Ransomware is a specific type of malware that locks the files on your computers unless a ransom is paid. Typically, ransomware is downloaded via email attachments and can even be embedded in common Office documents. When the unsuspecting user opens the file, malware encrypts the user's files and replaces them with ransom notes.
Another very common method of infecting systems and networks with ransomware is through remote exploitation. In this case, an attacker uses either a system flaw (usually due to not applying updates) or by logging in with remote desktop protocols using stolen passwords. Once inside, the attacker will simply launch the ransomware and let it spread.
These ransoms can range from a couple hundred dollars to millions. In some older ransomware variants, the encryption was reversible without buying the decryption keys. Unfortunately, that isn't usually the case anymore. Your options are generally (1) pay the ransom and decrypt your files, (2) restore the computers from backup, or (3) lose your data forever.
Lifecycle of a Ransomware Attack
Over the past six months we’ve observed that Ransomware attacks are becoming more varied, and much more damaging. In the vast majority of ransomware claims we see, there is no technical means by which the victim can recover their data absent paying a ransom. Simultaneously, ransom demands have skyrocketed from 10’s of thousands of dollars to 100’s of thousands, and even $1M+ in some instances.
Criminal techniques are also changing, with criminals now gathering targeting information in pre-attacks against targets, multiplying the impact of the ransomware activation. Here's an example of a modern ransomware lifecycle:
Employee receives an email containing a malicious attachment
Employee downloads and accesses the attachment
Malware infects the employee’s computer via the malicious attachment
The threat actor moves throughout the employee’s computer and into the corporate network where ransomware software is deployed
All files on the company network are encrypted and trigger ransom notes
Gaining popularity in 2018, many ransomware infections are also installing a “banking trojan” onto the system prior to the ransomware payload. A banking trojan is a type of malicious computer program that grants the malicious actor with access to information on a system. The typical capabilities of banking trojan’s can include harvesting all network passwords from a system, capturing passwords stored by web browsers, intercepting network traffic, stealing banking credentials entered by an end user, capturing credentials and data from email clients, and spreading through a client environment similar to a worm. Many of these trojans are polymorphic in nature, which means constantly changing and very hard to detect and eradicate via typical antivirus methods. Prevention is the best method when dealing with these trojans.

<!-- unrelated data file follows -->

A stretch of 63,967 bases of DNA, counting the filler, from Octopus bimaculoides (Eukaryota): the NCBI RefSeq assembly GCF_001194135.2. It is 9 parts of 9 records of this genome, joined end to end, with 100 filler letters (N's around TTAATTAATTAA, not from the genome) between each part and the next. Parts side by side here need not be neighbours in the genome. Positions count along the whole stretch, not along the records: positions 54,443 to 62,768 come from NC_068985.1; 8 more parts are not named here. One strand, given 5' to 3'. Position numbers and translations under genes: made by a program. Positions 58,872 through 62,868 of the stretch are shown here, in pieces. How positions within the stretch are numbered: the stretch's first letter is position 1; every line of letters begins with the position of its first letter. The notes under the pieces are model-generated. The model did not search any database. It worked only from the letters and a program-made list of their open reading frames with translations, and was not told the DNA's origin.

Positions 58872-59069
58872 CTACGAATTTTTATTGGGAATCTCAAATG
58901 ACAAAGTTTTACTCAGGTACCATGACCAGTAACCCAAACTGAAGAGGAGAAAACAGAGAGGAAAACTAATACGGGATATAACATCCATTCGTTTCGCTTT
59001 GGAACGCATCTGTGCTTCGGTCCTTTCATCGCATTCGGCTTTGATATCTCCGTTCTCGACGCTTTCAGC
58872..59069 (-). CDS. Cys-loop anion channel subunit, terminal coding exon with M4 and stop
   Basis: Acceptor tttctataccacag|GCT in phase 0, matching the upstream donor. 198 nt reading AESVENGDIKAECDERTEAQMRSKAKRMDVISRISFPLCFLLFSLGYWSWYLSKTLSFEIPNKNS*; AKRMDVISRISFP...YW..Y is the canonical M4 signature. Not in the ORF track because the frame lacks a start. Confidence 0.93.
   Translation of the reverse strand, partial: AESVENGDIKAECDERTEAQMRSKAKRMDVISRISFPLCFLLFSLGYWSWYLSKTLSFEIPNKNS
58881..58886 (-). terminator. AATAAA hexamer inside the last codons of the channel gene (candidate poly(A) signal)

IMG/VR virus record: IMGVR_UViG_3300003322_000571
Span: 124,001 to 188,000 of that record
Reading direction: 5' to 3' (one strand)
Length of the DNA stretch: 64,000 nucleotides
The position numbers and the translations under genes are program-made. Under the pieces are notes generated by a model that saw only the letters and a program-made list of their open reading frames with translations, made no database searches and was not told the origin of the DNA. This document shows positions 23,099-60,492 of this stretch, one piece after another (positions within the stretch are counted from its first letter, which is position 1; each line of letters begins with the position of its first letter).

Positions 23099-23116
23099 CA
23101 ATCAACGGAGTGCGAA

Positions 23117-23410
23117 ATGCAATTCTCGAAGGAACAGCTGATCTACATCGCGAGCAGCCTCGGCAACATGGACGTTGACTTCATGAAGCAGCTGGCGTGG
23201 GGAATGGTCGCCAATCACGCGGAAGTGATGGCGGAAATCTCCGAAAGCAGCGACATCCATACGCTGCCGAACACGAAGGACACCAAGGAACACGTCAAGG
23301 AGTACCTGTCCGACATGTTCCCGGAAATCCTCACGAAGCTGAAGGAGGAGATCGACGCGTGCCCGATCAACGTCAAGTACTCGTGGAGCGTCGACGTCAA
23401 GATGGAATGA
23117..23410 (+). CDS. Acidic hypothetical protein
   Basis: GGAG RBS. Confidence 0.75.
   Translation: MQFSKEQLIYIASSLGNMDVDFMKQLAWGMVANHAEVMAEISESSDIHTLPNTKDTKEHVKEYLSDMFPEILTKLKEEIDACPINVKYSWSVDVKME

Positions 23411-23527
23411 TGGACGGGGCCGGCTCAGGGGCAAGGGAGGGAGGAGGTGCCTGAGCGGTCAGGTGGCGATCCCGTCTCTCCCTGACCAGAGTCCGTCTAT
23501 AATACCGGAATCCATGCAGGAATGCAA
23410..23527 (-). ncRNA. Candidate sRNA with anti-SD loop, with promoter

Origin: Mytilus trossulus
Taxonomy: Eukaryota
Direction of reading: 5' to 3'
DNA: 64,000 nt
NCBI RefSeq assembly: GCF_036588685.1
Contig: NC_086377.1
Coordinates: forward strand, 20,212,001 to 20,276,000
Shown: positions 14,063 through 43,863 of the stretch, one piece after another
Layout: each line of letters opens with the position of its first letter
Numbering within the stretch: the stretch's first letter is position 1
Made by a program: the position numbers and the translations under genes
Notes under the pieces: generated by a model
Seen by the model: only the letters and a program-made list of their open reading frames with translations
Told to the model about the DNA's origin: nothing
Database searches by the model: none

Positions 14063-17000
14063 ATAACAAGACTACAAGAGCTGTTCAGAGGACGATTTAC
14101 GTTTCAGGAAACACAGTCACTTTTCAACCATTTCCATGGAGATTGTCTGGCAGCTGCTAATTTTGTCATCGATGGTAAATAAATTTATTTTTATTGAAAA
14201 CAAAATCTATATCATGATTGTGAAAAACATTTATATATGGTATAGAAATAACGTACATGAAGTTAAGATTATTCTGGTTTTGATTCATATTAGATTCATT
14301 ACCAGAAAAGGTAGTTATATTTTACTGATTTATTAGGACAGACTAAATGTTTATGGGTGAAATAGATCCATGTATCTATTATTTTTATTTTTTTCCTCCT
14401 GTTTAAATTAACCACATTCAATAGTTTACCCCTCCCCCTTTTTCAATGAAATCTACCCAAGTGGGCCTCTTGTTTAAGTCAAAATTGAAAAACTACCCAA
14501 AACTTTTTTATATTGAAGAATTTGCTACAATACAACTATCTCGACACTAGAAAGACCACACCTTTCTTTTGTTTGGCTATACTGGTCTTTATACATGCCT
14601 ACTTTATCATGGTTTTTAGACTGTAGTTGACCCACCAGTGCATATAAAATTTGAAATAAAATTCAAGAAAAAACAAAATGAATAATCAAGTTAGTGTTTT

It's difficult to prevent all types of malware. However, there are several best practices we can follow to help avoid and recover from these kinds of attacks:
Educate Employees - There are a few, simple best practices that employees can follow that will greatly reduce the chances of malware infecting your network.
Run Anti-malware Software - This may sound obvious, but running up-to-date anti-malware products is critical. While not a 100% solution, these products are designed specifically to help you avoid malware infections.
Apply Your Updates - System software vulnerabilities are one of the ways attackers can install and spread ransomware. When security updates are available for your operating system or software, you should apply them as soon as possible (or in accordance with your IT security policy). This applies to workstations, laptops, and servers alike.
Keep and Test Backups - Use a reputable backup service to backup all your important files. Many cloud service providers offer services to detect and revert your files after a ransomware attack, but you should always test this capability before you need it.
Keep Offline Backups - If your primary means of backup is another computer (e.g., a backup server) or a removable hard drive, it's possible that those devices could be remotely accessed and either deleted or encrypted as well. If this is your chosen backup method, always keep periodic offline backups (i.e., Removing the drive after backup, backup to DVD/Thumb drive, etc.). The backup media should be securely stored, as well.
Adhere to "least privilege" - Least privilege means only allowing the minimum required access to a system. Do you need administrator access to your computer all the time? Do your employees? The likely answer is "no." Create specific administrator accounts when required, and only use them when you need them. This will help contain the spread and impact of any malware on your networks.
Block Macros in Office Documents - Do you require macros in Word or Excel? Likely not. If that's the case, disable the execution of macros to prevent document-based attacks like we discussed earlier. If you do require macros, look in to macro signing and only allow trusted/signed macros.
Ransomware has emerged as one of the greatest cybersecurity risks for businesses of all sizes. While there is no reasonable 100% solution, the above recommendations will reduce the likelihood of infection while helping to ensure a quick recovery in the event of a successful attack.
For more technical information on this topic, please read Securing your business against ransomware or reach out to us; We’re here to help!